Complete the Linkedin Puzzle

September 12th, 2014

When recruiters and potential employers use Linkedin to launch their candidate searches, they do so with specific questions in mind. Most of the time, these employers aren’t just browsing through profiles hoping to find a candidate who grabs their attention; instead, they’re conducting targeted keyword searches and skimming through the results with a focus on four areas: Has the candidate experienced this type of work before? Is she interested in a job that fits this description? Is she likely to accept the job if it’s offered? And what will she bring to the company that other, equally qualified candidates can’t? Make sure your profile provides all the information your potential employers need.

1. Include your geographic area in your profile.

You don’t need to include your exact address, but give some indication of your state, region, or nearest metropolitan area. Don’t suggest interest in a job outside of your commuting distance or the areas to which you’re willing to relocate.

2. Use keywords in your work history section.

If you’ve skimmed through thousands of job posts, then you know the kinds of acronyms, certifications, and software systems your target employers are looking for. Make sure you include these in your work history and make sure you list or describe them using the most common phrases and spellings.

3. Refer to your industry.

If you’re looking for a job as a physician’s assistant, a phlebotomist, or an LPN, make sure your profile includes at least one use of the phrase “healthcare” or “healthcare industry.” Every job falls into a broader category that describes the industry or field, and employers often narrow their search results using these terms.

4. Include your specific targeted job title.

Include the exact title of your ideal position at least once in your profile. Instead of just saying “I’d like to work with animals”, use the term “animal care specialist” or “animal behaviorist”. Again, these terms are often used as keywords by those who are looking for you.

5. Make it easy for employers to contact your or obtain more information.

Help yourself by helping your reviewers, and do this by including clear contact information in your profile, plus at least one or two links to sources that contain additional information about you, like your website, your blog, or your social media profiles.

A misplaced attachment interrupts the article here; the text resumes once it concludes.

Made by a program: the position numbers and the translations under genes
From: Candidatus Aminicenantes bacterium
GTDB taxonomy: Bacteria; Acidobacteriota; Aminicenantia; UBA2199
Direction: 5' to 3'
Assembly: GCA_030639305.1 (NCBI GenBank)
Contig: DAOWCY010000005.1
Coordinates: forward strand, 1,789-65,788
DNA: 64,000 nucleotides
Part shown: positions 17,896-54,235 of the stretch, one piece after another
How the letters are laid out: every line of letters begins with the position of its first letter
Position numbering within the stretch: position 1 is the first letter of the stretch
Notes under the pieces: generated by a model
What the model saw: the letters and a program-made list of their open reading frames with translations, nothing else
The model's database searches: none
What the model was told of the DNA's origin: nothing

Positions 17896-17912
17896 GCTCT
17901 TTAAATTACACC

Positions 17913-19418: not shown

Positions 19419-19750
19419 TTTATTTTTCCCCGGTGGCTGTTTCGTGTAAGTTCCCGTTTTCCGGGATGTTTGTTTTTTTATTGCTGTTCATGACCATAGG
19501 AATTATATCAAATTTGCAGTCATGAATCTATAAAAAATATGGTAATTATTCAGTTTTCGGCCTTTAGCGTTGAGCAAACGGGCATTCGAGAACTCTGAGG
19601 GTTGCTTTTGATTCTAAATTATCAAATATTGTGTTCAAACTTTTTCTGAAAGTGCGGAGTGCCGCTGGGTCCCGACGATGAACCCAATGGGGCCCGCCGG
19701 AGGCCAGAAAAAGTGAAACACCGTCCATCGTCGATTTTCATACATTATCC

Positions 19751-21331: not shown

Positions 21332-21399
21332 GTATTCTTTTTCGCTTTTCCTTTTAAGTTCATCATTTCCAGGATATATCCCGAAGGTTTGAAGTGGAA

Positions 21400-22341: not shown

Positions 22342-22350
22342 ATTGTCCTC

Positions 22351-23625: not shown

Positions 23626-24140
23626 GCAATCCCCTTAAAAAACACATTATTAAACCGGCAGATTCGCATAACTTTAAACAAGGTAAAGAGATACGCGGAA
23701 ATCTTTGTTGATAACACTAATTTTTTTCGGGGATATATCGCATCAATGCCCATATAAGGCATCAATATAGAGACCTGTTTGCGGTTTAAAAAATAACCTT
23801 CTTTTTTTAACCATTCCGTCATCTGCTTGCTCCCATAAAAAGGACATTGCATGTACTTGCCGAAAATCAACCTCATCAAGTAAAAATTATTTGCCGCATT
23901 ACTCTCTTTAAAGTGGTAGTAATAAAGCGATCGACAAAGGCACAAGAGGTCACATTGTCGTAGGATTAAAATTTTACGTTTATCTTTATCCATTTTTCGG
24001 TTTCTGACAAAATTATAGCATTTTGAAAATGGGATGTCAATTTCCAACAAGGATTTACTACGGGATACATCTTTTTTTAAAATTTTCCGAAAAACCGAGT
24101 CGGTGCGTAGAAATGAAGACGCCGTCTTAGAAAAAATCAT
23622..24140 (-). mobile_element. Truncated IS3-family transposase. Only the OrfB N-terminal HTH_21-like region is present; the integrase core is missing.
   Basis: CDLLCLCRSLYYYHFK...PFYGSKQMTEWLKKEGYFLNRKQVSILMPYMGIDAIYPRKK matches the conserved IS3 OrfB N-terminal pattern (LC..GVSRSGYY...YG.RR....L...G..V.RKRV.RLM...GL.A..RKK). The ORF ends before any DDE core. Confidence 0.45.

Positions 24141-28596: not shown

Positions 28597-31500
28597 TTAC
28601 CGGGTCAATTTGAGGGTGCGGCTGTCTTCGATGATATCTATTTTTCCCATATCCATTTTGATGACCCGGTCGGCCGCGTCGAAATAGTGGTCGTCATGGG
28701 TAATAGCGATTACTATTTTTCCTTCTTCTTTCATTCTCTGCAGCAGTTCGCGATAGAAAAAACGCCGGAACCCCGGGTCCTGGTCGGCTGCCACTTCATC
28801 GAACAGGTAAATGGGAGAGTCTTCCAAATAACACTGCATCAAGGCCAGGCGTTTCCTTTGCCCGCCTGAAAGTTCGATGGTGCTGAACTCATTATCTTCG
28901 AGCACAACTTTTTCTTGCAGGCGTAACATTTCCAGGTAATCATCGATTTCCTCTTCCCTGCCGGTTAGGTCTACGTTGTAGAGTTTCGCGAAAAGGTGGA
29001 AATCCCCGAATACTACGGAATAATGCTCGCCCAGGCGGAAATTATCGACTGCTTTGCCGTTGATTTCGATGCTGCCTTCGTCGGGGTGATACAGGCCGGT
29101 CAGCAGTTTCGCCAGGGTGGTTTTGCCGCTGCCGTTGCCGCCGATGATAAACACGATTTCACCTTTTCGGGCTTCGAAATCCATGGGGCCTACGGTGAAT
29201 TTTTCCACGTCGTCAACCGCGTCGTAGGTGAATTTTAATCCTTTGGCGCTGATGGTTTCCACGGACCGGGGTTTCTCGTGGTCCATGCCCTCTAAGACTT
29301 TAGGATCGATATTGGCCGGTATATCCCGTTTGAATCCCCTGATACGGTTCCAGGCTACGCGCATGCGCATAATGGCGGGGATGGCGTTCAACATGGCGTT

For more information on how to help employers find you on Linkedin and how to provide answers to their most important questions, reach out to the Shelby staffing experts at PSU.

How Will you Influence your Workplace Culture?

April 11th, 2014

A growing number of hiring managers are no longer selecting candidates based on their job skills alone. Of course technical proficiency is an important quality in a candidate, since it can help managers reduce risk and cut training costs. But employers are now emphasizing traits that can’t always be taught, like the ability to motivate, explain, convince, inspire, and lead. When an employer decides to bring you onboard, they aren’t hiring you for your skill sets alone—they’re hiring you based on the implicit promise that your presence will elevate the environment around you.

So how can you fulfill this promise and create a positive, lasting impact on your workplace culture? Keep these tips in mind.

1. Start on the first day. When you walk in the door, stay focused on the long term and the big picture. Don’t just struggle to survive that first day, and then the next, and so on. Remember the names of everyone you meet (write them down), greet them by name when you see them, and actively launch positive relationships with each of these people.

2. Your job extends beyond your inbox. If your inbox is the only metric you use to determine your productivity, think bigger. Don’t just hang on by your fingertips and check off each item assigned to you. Consider the reasons behind these tasks and the ways they benefit the company and make your boss’s job easier. Tackle your boss’s responsibilities, not just your own.

3. Help others. Don’t just ignore confused new employees, overburdened coworkers, those who face potential embarrassment in meetings, or random strangers engaged in combat with a jammed copy machine. When you have an opportunity to help, teach, or rescue someone, take it. This gesture won’t be forgotten.

4. Praise in public, criticize in private. This rule doesn’t just apply to managers. It applies to everyone, even the lowliest intern. When you have a complaint or criticism for any person above or below you on the corporate ladder, speak up. Just do so tactfully behind closed doors. And when you have something nice to say, by all means, don’t keep your positive thoughts to yourself.

The best way to influence your workplace culture is simple: Set an example. Imagine the workplace you’d like to see around you and become an integral part of that scene. Lead the way. For more on how to make a great impression and launch your career in the right direction, contact the staffing and management experts at PSU.

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